With all eyes on Brussels this week with regards to the eurozone debt summit, it was action at the European Parliament in Strasbourg that should have caught the attention of public purchasers.
MEPs approval of amendments to procurement rules
should be given a cautious welcome, but it remains to be seen whether the suggested changes will really result in “simpler” regulations.
Perhaps the biggest shake-up (if the European Commission does take account of the recommendations when it publishes legislative proposals in December) will be that buyers will no longer be allowed to use “lowest price” as the determining criterion when evaluating a tender. Instead, MEPs say it should be replaced by a judgment of the “most advantageous tender in terms of economic, social and environmental benefits”.
Most contracting authorities - in the UK at least - already look for the “most economically advantageous tender”, but eliminating price as the largest factor and ensuring sustainability is considered will force a change in behaviour for some public buyers. This will make tender evaluation more, rather than less, complicated.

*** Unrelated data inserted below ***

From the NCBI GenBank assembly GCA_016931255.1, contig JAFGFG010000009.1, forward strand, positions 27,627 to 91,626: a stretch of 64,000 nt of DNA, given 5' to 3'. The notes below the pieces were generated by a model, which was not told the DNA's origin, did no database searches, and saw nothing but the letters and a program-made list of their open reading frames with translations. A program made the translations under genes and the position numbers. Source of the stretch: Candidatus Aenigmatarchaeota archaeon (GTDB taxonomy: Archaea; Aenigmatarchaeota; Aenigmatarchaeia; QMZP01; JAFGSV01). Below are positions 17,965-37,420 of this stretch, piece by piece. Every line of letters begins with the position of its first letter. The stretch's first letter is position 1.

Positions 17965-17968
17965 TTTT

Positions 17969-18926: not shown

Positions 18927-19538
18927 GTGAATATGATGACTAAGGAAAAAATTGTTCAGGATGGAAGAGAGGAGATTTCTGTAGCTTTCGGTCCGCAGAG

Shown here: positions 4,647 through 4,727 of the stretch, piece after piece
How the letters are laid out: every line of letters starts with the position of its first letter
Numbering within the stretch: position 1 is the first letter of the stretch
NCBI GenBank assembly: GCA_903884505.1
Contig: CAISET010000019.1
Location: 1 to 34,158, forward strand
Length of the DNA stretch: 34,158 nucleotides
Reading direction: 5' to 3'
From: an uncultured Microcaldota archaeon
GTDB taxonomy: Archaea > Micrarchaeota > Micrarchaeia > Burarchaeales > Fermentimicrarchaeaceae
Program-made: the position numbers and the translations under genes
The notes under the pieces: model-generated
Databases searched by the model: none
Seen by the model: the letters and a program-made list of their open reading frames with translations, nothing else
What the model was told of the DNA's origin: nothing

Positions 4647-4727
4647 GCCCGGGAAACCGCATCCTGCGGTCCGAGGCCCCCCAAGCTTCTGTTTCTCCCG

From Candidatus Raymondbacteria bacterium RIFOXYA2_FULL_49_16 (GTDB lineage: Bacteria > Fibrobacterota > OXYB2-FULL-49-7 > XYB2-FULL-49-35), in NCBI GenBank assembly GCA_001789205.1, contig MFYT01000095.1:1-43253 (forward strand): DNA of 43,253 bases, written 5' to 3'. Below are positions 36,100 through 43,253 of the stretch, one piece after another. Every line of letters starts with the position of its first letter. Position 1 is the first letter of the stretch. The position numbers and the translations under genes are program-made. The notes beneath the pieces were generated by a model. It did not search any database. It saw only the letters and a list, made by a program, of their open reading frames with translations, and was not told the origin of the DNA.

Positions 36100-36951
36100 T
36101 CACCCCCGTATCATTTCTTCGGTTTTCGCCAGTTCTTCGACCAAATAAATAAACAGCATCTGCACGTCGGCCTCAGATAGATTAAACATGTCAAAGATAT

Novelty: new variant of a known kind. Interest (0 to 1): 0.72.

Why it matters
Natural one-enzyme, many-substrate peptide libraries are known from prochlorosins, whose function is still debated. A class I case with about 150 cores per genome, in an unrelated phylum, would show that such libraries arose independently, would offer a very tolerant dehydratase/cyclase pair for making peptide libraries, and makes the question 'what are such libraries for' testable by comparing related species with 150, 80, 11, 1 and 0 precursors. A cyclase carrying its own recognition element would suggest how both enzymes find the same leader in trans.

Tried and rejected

Providing more contract opportunities for SMEs has been one of the primary motivations for changing the regulations. The adoption of the “procurement passport”
should cut down paperwork on both sides. But a fly in the ointment could be the suggestion that extra rules be drawn up to ensure standards are upheld with subcontractors.
So while the proposals could (and there remain many unanswered questions here) be positive for buyers, I doubt “simpler” rules will be the final outcome.